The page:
- Arrange for students to be exposed to each main element of material on at least two occasions, separated by a period of at least several weeks—and preferably several months.
- Arrange homework, quizzes, and exams in a way that promotes delayed reviewing of important course content.
Recommendation 2: Interleave worked example solutions and problem-solving exercises (moderate)
- Have students alternate between reading already worked solutions and trying to solve problems on their own.
- As students develop greater expertise, reduce the number of worked examples provided and increase the number of problems that students solve independently.
Recommendation 3: Combine graphics with verbal descriptions (moderate)
- Use graphical presentations (e.g., graphs, figures) that illustrate key processes and procedures. This integration leads to better learning than simply presenting text alone.
- When possible, present the verbal description in an audio format rather than as written text. Students can then use visual and auditory processing capacities of the brain separately rather than potentially overloading the visual processing capacity by viewing both the visualization and the written text.
Recommendation 4: Connect and integrate abstract and concrete representations of concepts (moderate)
- Connect and integrate abstract and concrete representations of concepts, making sure to highlight the relevant features across all forms of the representation.
Recommendation 5: Use quizzing to promote learning
Recommendation 5a: Use pre-questions to introduce a new topic (low)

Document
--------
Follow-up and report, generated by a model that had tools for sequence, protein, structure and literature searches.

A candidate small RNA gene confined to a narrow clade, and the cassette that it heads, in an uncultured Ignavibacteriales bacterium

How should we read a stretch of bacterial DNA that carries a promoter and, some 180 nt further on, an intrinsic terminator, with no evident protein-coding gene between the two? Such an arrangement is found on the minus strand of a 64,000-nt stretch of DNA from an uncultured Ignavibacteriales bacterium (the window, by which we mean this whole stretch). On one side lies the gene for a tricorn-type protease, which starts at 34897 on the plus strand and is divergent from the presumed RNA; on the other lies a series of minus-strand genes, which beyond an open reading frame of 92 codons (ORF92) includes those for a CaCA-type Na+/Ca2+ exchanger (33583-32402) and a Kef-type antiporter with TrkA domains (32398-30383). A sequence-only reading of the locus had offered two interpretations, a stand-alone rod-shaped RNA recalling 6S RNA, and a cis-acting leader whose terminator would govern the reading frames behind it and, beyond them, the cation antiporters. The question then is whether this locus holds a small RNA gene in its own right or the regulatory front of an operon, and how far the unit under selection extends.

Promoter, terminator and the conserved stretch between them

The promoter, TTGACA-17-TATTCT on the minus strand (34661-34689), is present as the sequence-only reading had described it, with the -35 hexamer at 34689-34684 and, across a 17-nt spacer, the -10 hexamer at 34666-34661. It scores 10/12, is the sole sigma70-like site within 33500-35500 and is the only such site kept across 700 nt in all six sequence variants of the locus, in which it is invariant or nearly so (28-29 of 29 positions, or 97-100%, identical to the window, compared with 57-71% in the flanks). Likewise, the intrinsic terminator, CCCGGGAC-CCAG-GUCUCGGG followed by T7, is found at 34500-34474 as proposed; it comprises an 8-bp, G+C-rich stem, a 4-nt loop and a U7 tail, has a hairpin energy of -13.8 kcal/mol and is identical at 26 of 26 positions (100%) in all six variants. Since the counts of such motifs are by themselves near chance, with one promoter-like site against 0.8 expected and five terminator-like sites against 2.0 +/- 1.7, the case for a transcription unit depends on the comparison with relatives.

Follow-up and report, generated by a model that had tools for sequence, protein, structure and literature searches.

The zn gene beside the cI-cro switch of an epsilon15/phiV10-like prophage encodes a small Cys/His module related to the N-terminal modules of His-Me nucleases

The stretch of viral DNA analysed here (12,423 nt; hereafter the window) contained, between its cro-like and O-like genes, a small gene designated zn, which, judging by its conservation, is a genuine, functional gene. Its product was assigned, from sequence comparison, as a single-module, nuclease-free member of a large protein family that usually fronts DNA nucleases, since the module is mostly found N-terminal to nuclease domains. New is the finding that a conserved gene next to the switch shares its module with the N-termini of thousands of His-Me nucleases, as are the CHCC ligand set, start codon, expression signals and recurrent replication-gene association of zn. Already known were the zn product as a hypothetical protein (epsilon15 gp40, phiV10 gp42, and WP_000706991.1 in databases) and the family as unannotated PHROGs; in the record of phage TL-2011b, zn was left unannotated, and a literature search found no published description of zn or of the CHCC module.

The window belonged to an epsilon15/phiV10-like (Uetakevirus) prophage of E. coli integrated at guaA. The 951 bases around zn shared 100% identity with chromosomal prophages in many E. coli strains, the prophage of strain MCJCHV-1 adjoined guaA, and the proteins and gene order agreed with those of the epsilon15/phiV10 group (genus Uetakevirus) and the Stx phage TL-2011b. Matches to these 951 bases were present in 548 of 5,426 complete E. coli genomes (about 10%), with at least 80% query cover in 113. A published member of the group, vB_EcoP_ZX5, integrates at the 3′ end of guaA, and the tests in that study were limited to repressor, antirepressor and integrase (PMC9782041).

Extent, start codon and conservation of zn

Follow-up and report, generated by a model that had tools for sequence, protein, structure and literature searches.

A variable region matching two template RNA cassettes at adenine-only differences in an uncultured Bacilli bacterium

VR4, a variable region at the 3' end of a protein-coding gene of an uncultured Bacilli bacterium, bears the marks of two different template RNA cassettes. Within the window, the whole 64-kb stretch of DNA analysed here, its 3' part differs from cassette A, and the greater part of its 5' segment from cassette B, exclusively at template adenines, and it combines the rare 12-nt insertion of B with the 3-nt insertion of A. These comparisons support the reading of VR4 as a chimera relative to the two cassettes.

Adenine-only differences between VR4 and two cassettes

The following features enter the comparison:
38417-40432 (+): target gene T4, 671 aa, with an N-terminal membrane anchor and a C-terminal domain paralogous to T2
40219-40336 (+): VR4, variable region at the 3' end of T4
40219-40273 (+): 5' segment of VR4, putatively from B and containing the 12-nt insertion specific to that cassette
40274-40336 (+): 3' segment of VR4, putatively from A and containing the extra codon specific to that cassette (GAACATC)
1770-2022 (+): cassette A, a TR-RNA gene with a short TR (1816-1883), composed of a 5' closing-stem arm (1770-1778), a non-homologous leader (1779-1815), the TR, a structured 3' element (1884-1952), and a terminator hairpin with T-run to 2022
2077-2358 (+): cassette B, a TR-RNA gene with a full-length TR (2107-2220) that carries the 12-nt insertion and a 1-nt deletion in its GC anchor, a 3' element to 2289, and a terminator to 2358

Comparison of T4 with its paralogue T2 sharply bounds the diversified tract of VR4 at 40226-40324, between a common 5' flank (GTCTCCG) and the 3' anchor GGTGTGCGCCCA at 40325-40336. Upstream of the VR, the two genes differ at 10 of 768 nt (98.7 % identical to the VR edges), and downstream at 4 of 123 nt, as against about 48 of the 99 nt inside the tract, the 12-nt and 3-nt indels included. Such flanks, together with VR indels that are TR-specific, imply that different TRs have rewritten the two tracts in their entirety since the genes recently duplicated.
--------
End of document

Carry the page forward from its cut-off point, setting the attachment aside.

Recommendation 5b: Use quizzes to re-expose students to information (strong)
- Prepare pre-questions, and require students to answer the questions, before introducing a new topic.
- Use quizzes for retrieval practice and spaced exposure, thereby reducing forgetting.
- Use game-like quizzes as a fun way to provide additional exposure to material.
Recommendation 6: Help students allocate study time efficiently
Recommendation 6a: Teach students how to use delayed judgment of learning techniques to identify concepts that need further study (low)
Recommendation 6b: Use tests and quizzes to identify content that needs to be learned (low)
- Conduct regular study sessions where students are taught how to judge whether or not they have learned key concepts in order to promote effective study habits.
- Teach students that the best time to figure out if they have learned something is not immediately after they have finished studying, but rather after a delay. Only after some time away from the material will they be able to determine if the key concepts are well learned or require further study.
- Remind students to complete judgments of learning without the answers in front of them.
- Teach students how to use these delayed judgments of learning techniques after completing assigned reading materials, as well as when they are studying for tests.
- Use quizzes to alert learners to which items are not well learned.
- Provide corrective feedback to students, or show students where to find the answers to questions, when they are not able to generate correct answers independently.
Recommendation 7: Help students build explanations by asking and answering deep questions (strong)
- Encourage students to “think aloud” in speaking or writing their explanations as they study; feedback is beneficial.
- Ask deep questions when teaching, and provide students with opportunities to answer deep questions, such as: What caused Y? How did X occur? What if? How does X compare to Y?
- Challenge students with problems that stimulate thought, encourage explanations, and support the consideration of deep questions.
Pashler, H., Bain, P., Bottge, B., Graesser, A., Koedinger, K., McDaniel, M., and Metcalfe, J. (2007)
Organizing Instruction and Study to Improve Student Learning (NCER 2007-2004). Washington, DC: National Center for Education Research, Institute of Education Sciences, U.S. Department of Education. Retrieved from http://ncer.ed.gov.
This report is available for download on the IES website at http://ncer.ed.gov.